Xavier CRISPIN, et al.
Related : MITLIN : NanoHemp SuperCapacitor
Storing electricity in paper
Part of the research group at Laboratory of Organic Electronics:
Jesper Edberg, Isak Engquist and Xavier Crispin.
Researchers at Linköping University’s Laboratory of Organic
Electronics, Sweden, have developed power paper – a new material
with an outstanding ability to store energy. The material consists
of nanocellulose and a conductive polymer. The results have been
published in Advanced Science.
EnergipappretOne sheet, 15 centimetres in diameter and a few
tenths of a millimetre thick can store as much as 1 F, which is
similar to the supercapacitors currently on the market. The
material can be recharged hundreds of times and each charge only
takes a few seconds.
It’s a dream product in a world where the increased use of
renewable energy requires new methods for energy storage – from
summer to winter, from a windy day to a calm one, from a sunny day
to one with heavy cloud cover.
”Thin films that function as capacitors have existed for some
time. What we have done is to produce the material in three
dimensions. We can produce thick sheets,” says Xavier Crispin,
professor of organic electronics and co-author to the article just
published in Advanced Science.
Other co-authors are researchers from KTH Royal Institute of
Technology, Innventia, Technical University of Denmark and the
University of Kentucky.
The material, power paper, looks and feels like a slightly
plasticky paper and the researchers have amused themselves by
using one piece to make an origami swan – which gives an
indication of its strength.
The structural foundation of the material is nanocellulose, which
is cellulose fibres which, using high-pressure water, are broken
down into fibres as thin as 20 nm in diameter. With the cellulose
fibres in a solution of water, an electrically charged polymer
(PEDOT:PSS), also in a water solution, is added. The polymer then
forms a thin coating around the fibres.
”The covered fibres are in tangles, where the liquid in the spaces
between them functions as an electrolyte,” explains Jesper Edberg,
doctoral student, who conducted the experiments together with
Abdellah Malti, who recently completed his doctorate.
The new cellulose-polymer material has set a new world record in
simultaneous conductivity for ions and electrons, which explains
its exceptional capacity for energy storage. It also opens the
door to continued development toward even higher capacity. Unlike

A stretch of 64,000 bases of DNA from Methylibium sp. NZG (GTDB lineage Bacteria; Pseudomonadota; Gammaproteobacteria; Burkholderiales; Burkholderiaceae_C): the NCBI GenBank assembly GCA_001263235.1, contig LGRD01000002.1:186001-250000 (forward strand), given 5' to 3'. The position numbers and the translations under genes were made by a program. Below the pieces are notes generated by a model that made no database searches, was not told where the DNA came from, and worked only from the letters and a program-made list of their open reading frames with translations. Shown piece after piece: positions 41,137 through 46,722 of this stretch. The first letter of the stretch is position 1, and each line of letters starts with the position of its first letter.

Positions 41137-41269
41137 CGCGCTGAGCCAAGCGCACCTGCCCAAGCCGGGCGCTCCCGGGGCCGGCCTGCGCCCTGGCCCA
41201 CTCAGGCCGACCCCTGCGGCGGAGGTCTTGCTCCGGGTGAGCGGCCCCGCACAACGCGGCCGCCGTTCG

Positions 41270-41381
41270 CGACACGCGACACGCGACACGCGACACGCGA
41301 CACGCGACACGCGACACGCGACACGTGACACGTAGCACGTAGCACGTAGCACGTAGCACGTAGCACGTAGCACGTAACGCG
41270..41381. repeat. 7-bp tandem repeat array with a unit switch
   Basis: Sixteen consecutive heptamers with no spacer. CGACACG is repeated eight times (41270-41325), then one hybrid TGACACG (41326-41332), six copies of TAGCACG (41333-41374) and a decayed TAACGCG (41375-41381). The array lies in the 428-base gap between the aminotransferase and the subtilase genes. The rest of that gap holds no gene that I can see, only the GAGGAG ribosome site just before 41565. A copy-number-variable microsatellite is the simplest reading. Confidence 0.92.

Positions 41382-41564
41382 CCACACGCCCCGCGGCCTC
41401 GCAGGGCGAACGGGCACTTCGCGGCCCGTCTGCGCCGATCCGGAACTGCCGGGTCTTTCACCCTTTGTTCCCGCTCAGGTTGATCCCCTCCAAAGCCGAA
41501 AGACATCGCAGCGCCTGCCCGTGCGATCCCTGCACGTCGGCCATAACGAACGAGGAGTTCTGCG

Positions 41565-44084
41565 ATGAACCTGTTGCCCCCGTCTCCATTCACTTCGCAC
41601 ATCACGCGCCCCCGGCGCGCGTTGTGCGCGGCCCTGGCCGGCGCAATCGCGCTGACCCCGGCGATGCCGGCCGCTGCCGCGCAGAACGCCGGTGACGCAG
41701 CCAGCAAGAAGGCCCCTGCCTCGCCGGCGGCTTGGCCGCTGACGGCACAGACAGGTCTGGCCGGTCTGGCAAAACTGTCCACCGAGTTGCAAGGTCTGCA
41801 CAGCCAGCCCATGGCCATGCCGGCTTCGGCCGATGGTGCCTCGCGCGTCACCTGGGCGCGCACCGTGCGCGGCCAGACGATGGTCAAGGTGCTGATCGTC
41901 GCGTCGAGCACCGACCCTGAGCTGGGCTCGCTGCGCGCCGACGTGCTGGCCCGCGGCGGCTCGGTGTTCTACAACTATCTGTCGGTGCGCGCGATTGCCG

the batteries and capacitors currently on the market, power paper
is produced from simple materials – renewable cellulose and an
easily available polymer. It is light in weight, it requires no
dangerous chemicals or heavy metals and it is waterproof.
The Power Papers project has been financed by the Knut and Alice
Wallenberg Foundation since 2012.
”They leave us to our research, without demanding lengthy reports,
and they trust us. We have a lot of pressure on us to deliver, but
it’s ok if it takes time, and we’re grateful for that,” says
Professor Magnus Berggren, director of the Laboratory of Organic
Electronics at Linköping University.
The new power paper is just like regular pulp, which has to be
dehydrated when making paper. The challenge is to develop an
industrial-scale process for this.
”Together with KTH, Acreo and Innventia we just received SEK 34
million from the Swedish Foundation for Strategic Research to
continue our efforts to develop a rational production method, a
paper machine for power paper,” says Professor Berggren.
Power paper – Four world records
Highest charge and capacitance in organic electronics, 1 C and 2 F
(Coulomb and Farad).
Highest measured current in an organic conductor, 1 A (Ampere).
Highest capacity to simultaneously conduct ions and electrons.
Highest transconductance in a transistor, 1 S (Siemens)
An Organic Mixed Ion-Electron
Conductor for Power Electronics
Abdellah Malti, et al.
A mixed ionic–electronic conductor based on nanofibrillated
cellulose composited with
with high boiling point solvents is demonstrated in bulky
electrochemical devices. The high electronic and ionic
conductivities of the resulting nanopaper are exploited in devices
which exhibit record values for the charge storage capacitance
(1F) in supercapacitors and transconductance (1S) in
Related Nanopaper Patents
Graphene oxide reinforced composite carbon nanopaper and
production method thereof
Inventor(s): LI QINGWEN; XING YAJUAN; CHEN MINGHAI
The invention discloses a graphene oxide reinforced composite
carbon nanopaper and a production method thereof. The above carbon
paper includes: a carbon nanotube substrate including a skeleton
network mainly formed by carbon nanotubes; and at least an
enhanced network for connecting the carbon nanotubes in the
skeleton network, wherein the enhanced network is mainly formed by
graphene oxide dispersed in the skeleton network. The production
method comprises the following steps: uniformly mixing a carbon
nanotube dispersion with a graphite oxide graphene dispersion
filtering to form a film, and peeling the formed film from a
substrate filter film in order to obtain a target product. The
composite carbon nanopaper has greatly improved mechanical